By Stephen Clark, Ars Technica
The late-night liftoff of a Falcon 9 rocket with another batch of Starlink Internet satellites on Sunday set a new record for the most flights by a SpaceX launch vehicle, with a first-stage booster flying for a 16th time. SpaceX now aims to fly its reusable Falcon 9 boosters as many as 20 times, double the company’s original goal.
The flight followed several months of inspections and refurbishment of SpaceX’s most-flown rocket, a process that included a “recertification” of the booster to prove, at least on paper, that it could fly as many as five more times after completing its 15th launch and landing last December.
Sunday night’s mission got the booster’s extended life off to a good start.
The record-setting rocket took off from Cape Canaveral, Florida, at 11:58 pm EDT (03:58 UTC) with 22 second-generation Starlink satellites. The rocket’s nine kerosene-fueled Merlin engines fired for about two and a half minutes to climb to the edge of space, then the booster detached to descend toward a landing on one of SpaceX’s landing platforms floating northeast of the Bahamas.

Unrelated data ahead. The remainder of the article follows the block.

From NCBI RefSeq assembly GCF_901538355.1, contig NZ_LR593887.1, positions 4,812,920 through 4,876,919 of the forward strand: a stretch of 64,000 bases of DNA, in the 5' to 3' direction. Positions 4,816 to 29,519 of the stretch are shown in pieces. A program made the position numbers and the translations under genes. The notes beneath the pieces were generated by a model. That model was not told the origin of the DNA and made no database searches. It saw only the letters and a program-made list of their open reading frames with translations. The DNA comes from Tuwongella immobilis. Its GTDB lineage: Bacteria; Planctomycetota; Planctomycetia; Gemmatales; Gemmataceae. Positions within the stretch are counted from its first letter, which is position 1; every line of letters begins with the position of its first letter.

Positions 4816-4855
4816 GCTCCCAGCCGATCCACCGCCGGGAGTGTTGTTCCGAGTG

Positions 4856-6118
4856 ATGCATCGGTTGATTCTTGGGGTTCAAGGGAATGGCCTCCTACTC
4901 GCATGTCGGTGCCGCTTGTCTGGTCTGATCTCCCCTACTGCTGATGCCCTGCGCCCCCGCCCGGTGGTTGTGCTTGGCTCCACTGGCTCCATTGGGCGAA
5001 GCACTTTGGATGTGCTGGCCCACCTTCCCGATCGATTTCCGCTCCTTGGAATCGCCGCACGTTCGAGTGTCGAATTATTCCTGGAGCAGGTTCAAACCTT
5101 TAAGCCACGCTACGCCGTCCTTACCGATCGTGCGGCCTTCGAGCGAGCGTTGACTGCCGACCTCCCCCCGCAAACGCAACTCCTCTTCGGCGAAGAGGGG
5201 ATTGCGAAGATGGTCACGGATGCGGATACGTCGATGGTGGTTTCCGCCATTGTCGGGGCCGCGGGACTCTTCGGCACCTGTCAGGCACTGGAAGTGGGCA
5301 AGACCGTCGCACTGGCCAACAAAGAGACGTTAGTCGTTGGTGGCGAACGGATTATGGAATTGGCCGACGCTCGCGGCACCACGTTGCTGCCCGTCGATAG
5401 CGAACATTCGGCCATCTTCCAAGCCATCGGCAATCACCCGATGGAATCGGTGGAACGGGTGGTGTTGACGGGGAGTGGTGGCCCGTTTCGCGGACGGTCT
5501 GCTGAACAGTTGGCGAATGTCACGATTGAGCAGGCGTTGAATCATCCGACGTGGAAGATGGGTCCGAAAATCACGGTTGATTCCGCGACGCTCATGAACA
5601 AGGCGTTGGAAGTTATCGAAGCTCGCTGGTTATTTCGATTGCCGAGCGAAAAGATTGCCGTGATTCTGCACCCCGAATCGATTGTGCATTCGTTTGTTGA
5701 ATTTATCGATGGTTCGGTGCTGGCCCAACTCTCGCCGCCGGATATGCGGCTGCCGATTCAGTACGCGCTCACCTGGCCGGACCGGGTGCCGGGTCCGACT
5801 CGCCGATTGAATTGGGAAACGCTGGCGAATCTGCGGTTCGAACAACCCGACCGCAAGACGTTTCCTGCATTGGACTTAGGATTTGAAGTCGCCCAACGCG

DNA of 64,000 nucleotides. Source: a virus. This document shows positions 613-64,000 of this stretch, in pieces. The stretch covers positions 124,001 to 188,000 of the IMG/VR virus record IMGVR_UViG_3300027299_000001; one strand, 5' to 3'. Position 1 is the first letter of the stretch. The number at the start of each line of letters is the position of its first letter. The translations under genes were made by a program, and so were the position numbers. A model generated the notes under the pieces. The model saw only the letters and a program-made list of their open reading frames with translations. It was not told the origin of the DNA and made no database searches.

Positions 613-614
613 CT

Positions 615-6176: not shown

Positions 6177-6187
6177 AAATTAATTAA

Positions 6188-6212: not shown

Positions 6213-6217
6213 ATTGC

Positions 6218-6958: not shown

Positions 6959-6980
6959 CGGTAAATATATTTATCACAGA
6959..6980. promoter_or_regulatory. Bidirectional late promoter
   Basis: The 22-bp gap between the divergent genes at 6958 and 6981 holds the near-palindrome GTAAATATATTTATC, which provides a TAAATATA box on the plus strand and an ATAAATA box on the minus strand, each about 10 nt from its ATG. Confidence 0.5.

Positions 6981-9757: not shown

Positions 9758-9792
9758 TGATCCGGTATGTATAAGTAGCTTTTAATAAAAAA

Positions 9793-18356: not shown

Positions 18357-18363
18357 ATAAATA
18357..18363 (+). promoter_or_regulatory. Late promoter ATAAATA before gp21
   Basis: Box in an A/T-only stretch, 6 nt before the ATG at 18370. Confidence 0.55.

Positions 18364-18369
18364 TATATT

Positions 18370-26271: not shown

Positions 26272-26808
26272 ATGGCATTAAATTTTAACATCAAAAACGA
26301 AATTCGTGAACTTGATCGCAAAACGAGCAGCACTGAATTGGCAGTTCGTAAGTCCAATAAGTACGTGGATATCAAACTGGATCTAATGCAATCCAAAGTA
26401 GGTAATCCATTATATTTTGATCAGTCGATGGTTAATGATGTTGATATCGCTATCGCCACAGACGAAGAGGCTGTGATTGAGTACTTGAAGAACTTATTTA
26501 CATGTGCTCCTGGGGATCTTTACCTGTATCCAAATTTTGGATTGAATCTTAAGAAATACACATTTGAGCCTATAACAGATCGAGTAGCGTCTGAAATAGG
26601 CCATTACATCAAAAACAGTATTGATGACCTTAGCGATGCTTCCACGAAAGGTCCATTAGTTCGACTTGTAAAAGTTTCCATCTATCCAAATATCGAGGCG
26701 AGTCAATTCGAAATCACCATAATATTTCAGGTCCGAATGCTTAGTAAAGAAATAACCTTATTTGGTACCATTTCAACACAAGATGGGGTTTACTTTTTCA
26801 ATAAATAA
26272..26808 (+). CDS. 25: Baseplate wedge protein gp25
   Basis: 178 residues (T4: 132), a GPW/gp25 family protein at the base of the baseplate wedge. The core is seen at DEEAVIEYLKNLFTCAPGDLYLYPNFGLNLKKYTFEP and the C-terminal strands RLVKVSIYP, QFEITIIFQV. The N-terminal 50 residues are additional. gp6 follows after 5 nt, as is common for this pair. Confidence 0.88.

An upper-stage engine ignited to continue propelling the Starlink satellites into orbit. SpaceX declared the launch a success following the deployment of the Starlink payloads about an hour after liftoff. The company’s global Internet network now has about 4,400 satellites in orbit, according to Jonathan McDowell, an astrophysicist who tracks spaceflight activity.
SpaceX plans to haul thousands more Starlink satellites into orbit in the coming years to add to the network’s capacity, which now has more than 1.5 million subscribers.
The first stage of the Falcon 9 rocket, itself standing about 15 stories tall, settled onto the deck of the drone ship less than nine minutes after launch, using thrust from its center engine to slow for touchdown. It was the 46th launch by SpaceX’s Falcon rocket family this year, an average cadence of one flight around every four days.
Read the full article here: SpaceX is stretching the lifetime of its reusable Falcon 9 boosters | Ars Technica